Ute Creek Cutoff

Round Trip Distance: 4.8 miles
Difficulty: Moderate
Elevation: 8141 - 8767 feet
Cellphone: 0-2 bars
Time: 3 hrs.
Trailhead: Ute Creek Cutoff
Fee: none
Attractions: Forest hike

The Ute Creek Cutoff trail is located in the Plateau Division of the Uncompahgre National Forest near Grand Junction, Colorado. The trail begins off of the Uranium Road where it travels down a branch of Indian Creek and around the point of a ridge to get into an adjacent draw where it meets up with the Ute Creek trail.

To get to the trailhead follow Highway 141 toward Gateway for 14.2 miles from its junction with Highway 50 near the town of Whitewater. Turn left onto the Divide Road and follow it for 15.5 miles and turn right onto the Uranium Road. Continue for another 4.8 miles where the trailhead is on the right hand side of the road. There isn't an official parking area but there is room for 1 or 2 vehicles to pull over out of the way on the switchback.

From the road the trail drops into the shallow draw and begins following the right side of it The trail doesn't get enough use to keep the lush foliage from obscuring it but for the most part it is still easy enough to pick it out of the under growth and follow it.

There are several stretches where the ferns reach heights of 4-6 feet. Ferns are easy enough to tromp a path through but on this day they were soaked with rain so we ended up hacking our way through them. The path we made should remain for the rest of the year.

Around the half mile point the trail passes through a fence where the gate doesn't look like it has been closed for quite some time.

Near the 3/4 mile point the landscape transitions to oakbrush and the trail begins turning to the right and wrapping around the point of the ridge toward the neighboring branch of the drainage.

Scenic views of the La Sal Mountains and the canyons that flank their eastern slopes leading down to Gateway and Highway 141, where the Dolores River has set its course, can be seen along this portion of the trail.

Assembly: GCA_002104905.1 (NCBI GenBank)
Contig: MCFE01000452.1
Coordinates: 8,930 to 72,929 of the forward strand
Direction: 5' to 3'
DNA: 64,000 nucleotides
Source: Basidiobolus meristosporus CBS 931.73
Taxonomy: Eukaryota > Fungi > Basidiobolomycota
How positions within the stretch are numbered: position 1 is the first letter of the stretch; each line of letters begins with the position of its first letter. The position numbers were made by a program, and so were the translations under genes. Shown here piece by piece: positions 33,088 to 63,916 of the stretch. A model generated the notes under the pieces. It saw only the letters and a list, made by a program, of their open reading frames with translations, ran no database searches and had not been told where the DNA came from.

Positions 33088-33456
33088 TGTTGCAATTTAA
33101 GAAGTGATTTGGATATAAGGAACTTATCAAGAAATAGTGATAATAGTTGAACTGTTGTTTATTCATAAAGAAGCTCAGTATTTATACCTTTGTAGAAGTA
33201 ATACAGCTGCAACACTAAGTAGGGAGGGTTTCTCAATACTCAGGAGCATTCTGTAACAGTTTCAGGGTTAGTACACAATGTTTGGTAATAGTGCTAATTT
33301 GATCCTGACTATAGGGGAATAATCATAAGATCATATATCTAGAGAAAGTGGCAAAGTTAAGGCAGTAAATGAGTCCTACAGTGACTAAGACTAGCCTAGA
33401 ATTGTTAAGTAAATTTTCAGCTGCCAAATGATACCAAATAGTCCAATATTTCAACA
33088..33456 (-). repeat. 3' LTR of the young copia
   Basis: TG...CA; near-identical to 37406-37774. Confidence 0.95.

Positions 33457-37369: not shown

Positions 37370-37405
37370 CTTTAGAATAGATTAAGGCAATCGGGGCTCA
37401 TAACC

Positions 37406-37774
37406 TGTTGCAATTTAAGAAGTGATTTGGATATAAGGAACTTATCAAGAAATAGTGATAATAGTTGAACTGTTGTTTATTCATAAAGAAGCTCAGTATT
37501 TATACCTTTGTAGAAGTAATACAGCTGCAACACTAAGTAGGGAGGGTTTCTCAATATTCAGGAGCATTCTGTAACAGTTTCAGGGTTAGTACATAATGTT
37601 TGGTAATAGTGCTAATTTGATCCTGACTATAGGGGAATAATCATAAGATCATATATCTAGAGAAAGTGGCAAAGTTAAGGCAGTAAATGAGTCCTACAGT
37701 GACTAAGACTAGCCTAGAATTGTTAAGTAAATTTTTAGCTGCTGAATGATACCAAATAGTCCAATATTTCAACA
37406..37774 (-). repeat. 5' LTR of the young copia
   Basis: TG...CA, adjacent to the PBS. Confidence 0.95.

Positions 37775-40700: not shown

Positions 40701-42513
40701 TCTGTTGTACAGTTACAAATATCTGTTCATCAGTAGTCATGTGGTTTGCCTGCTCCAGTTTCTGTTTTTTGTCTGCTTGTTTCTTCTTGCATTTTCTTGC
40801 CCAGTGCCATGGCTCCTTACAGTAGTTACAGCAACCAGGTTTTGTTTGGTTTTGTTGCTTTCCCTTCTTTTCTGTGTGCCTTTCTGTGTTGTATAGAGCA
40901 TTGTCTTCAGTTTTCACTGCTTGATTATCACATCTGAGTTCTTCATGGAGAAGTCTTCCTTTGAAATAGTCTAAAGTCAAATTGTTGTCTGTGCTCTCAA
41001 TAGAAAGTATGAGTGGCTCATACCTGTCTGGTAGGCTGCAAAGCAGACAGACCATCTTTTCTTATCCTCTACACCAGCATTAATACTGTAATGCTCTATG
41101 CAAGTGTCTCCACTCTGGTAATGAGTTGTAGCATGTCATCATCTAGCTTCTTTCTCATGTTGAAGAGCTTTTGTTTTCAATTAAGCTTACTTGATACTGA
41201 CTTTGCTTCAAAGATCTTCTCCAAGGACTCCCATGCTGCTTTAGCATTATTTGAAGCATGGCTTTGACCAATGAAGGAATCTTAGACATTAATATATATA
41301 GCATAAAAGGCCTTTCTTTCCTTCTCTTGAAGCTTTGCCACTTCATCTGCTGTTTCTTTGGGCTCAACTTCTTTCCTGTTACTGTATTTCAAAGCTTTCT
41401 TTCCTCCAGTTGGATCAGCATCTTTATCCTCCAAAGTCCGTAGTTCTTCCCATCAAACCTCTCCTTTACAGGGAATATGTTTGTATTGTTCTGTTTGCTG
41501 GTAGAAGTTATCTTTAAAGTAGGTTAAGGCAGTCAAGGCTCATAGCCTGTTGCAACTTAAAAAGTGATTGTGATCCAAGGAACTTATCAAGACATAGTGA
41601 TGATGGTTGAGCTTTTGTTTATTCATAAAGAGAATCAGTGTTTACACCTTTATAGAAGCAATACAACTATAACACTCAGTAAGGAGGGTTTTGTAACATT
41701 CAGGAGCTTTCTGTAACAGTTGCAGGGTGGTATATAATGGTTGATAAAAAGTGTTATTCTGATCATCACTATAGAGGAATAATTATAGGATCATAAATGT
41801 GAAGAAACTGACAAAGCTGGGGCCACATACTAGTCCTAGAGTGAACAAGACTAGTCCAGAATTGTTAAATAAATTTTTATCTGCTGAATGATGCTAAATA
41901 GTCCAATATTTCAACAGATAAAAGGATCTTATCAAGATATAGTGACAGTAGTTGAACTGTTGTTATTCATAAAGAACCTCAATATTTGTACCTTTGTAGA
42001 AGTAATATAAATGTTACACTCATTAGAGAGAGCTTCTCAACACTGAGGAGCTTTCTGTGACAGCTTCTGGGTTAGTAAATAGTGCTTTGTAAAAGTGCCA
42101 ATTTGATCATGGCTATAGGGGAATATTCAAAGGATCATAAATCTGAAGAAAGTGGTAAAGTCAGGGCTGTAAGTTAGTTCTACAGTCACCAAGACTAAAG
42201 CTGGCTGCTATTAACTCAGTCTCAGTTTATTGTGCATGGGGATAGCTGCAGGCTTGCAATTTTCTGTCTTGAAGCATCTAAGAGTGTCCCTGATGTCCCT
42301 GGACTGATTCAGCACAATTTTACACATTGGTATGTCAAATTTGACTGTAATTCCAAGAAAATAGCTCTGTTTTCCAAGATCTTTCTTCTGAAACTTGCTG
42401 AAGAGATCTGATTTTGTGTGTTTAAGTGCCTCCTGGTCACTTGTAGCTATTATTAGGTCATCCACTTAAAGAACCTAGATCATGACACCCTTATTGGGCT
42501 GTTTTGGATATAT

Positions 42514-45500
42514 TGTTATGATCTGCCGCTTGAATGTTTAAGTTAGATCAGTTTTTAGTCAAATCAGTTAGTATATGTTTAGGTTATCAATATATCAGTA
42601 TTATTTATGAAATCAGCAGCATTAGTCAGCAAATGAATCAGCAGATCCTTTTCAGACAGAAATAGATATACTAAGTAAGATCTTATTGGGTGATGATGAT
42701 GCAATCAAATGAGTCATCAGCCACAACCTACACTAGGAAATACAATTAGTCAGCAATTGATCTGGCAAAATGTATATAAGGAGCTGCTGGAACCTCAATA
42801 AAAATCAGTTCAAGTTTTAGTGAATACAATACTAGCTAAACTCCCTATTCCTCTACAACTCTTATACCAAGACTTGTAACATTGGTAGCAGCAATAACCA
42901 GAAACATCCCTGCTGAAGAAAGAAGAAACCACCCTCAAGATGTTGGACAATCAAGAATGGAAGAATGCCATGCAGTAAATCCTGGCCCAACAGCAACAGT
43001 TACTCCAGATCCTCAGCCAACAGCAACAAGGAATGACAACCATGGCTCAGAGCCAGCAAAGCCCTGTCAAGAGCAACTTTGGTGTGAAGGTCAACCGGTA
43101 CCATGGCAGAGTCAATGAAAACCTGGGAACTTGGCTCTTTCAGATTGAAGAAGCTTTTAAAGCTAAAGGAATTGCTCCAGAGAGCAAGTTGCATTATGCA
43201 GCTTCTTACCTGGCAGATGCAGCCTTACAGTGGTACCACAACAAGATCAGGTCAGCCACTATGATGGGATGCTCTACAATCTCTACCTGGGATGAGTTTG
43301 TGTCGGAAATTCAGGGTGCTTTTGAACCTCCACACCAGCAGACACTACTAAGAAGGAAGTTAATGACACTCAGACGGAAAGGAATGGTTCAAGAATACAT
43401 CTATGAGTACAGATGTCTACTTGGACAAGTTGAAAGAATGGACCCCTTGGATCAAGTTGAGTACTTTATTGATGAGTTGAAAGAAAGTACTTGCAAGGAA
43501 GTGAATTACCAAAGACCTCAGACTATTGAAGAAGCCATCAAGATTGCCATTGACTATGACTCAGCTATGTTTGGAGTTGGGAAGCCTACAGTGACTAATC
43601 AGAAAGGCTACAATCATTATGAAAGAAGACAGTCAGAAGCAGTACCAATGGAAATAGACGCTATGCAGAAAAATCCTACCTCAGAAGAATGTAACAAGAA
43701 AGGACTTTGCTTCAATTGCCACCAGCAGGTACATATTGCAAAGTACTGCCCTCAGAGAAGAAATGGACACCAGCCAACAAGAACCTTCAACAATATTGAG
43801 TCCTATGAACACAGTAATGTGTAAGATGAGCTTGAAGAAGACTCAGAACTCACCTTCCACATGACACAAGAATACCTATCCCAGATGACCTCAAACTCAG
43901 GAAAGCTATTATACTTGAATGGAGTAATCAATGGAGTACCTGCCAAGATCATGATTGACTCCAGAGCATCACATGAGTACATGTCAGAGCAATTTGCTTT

After traveling around the point of the ridge the trail begins working its way up the next draw.

On this side of the ridge there were a few more recently cut logs indicating that someone at least is trying to keep the trail open for use.

The trail is also more than a half mile longer on this side of the ridge. At one point the trail bends around a deep canyon and crosses a trickling stream. There are a few puddles where a horse could drink but there is better water at the end where it meets up with the Ute Creek trail.

After crossing the stream the trail climbs a rocky slope that takes it up to an outcrop in the ridge.

From the rocky outcrop the trail makes a gradual descent that takes it down to a long meadow where it meets up with the Ute Creek trail and comes to an end. Backpackers should have little trouble finding a good primitive campsite under the nearby sheltering aspens.

The Ute Creek Cutoff trail has almost 1,300 feet of total elevation gain most of which occurs over the last 3/4 of a mile on the return leg of the hike. On the day that we took the photos for the trail we came across some bear tracks and a huge pile of very fresh scat but we never did see hide nor hair of the bear. Given the short lines of sight for much of the trail any encounter may have been a close one. The one thing that you can expect on the Ute Creek Cutoff trail is an abundance of solitude. If you would like to see it for yourself then all you have to do is 'Take a hike'.